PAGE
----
Opec November oil output slips ahead of meeting, Aramco IPO
14-member group pumps 29.57M bpd in November, down 110,000bpd from October
Opec oil output has fallen in November as Angolan production has slipped due to maintenance and Saudi Arabia has kept a lid on supply to support the market before the initial public offering of state-owned Saudi Aramco, a Reuters survey found.
On average, the 14-member Organization of the Petroleum Exporting Countries has pumped 29.57 million bpd this month, according to the survey. That is down 110,000 bpd from October's revised figure.
The survey suggests Saudi Arabia, after resuming normal supply after attacks on facilities in September, is still pumping far less than an Opec-led supply deal allows. Opec meets to review the pact on December 5, the same day Aramco is due to announce the final offer price.
Opec, Russia and other allies, known as Opec+, agreed to reduce supply by 1.2 million bpd from January 1. Opec's share of the cut is about 800,000 bpd, to be delivered by 11 members, with exemptions for Iran, Libya and Venezuela.
The producers are expected to extend their supply pact at meetings on December 5-6. Opec delegates have said the producers could discuss deeper supply cuts amid forecasts of excess supply in 2020.
"The minimum is to extend," said an Opec delegate.
Oil has slipped to $63 a barrel after spiking to $72 following the September 14 attacks on Saudi oil plants. The current price is below the levels many Opec countries need to balance their budgets and below the levels officials say they favour.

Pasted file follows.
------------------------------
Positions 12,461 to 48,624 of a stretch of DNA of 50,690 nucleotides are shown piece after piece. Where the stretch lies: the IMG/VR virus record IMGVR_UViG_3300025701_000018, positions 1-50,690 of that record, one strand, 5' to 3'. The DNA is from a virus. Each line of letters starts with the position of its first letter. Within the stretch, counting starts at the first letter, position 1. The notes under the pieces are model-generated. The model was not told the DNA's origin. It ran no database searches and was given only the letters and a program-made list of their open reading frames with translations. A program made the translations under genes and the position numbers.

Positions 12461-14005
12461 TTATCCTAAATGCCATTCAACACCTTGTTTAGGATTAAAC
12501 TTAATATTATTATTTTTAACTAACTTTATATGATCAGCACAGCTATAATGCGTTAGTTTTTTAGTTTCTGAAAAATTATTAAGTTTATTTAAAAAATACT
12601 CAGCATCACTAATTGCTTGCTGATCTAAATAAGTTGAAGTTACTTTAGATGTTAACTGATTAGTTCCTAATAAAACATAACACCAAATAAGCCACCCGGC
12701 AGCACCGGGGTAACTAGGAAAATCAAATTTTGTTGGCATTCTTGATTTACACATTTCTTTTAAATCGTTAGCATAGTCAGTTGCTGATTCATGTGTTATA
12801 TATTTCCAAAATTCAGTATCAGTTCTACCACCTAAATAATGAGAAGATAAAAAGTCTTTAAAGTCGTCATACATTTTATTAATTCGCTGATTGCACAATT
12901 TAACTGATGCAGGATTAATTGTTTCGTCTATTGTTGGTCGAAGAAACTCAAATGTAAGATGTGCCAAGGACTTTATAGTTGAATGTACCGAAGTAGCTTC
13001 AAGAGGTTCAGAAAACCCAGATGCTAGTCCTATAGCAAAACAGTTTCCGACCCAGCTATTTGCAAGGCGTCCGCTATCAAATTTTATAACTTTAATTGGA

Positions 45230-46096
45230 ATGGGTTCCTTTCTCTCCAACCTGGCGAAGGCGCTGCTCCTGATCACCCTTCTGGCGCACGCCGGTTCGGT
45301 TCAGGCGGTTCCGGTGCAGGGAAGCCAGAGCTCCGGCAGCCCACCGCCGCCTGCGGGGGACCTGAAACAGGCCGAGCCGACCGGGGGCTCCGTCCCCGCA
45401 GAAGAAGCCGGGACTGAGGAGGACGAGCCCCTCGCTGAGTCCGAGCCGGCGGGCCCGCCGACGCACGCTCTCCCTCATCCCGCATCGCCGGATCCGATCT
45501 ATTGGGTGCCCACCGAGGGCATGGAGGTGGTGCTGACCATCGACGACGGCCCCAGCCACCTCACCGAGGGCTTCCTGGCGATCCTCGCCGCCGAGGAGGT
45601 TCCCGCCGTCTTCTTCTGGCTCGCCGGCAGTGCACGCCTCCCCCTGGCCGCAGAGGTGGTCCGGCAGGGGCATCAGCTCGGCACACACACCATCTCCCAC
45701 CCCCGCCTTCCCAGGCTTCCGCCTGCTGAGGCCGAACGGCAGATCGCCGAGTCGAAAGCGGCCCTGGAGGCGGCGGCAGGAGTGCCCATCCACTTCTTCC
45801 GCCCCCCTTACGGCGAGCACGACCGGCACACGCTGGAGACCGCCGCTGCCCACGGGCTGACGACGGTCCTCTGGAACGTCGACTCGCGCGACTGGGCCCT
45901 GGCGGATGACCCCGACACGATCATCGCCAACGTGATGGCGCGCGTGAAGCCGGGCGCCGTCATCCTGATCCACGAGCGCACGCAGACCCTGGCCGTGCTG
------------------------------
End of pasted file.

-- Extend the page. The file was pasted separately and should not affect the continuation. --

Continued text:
Crude prices slipped on Friday. Brent crude futures were down $1.14, or 1.78 per cent, at $62.73 a barrel by 1502GMT. West Texas Intermediate (WTI) futures were down $1.62 or 2.79 per cent at $56.49.
Opec's largest production drop of 140,000 bpd was in Angola, which exported less crude in November due to maintenance affecting the Girassol crude stream, traders said. Saudi Arabia has pumped 9.85 million bpd, down 50,000 bpd from October.
'Too early to talk'
Meanwhile, Russian Energy Minister Alexander Novak said on Friday he would prefer if Opec and its non-Opec allies took a decision closer to April on whether to extend their oil output deal, the TASS news agency reported.
The comments are likely to be opposed by most of Opec's members, which are aiming to clinch a new output deal at the meeting.
"It's too early to talk, we have the agreement until April 1. Today it is still November. Why should we be asking questions in November about the month of April?" Novak was quoted as saying.
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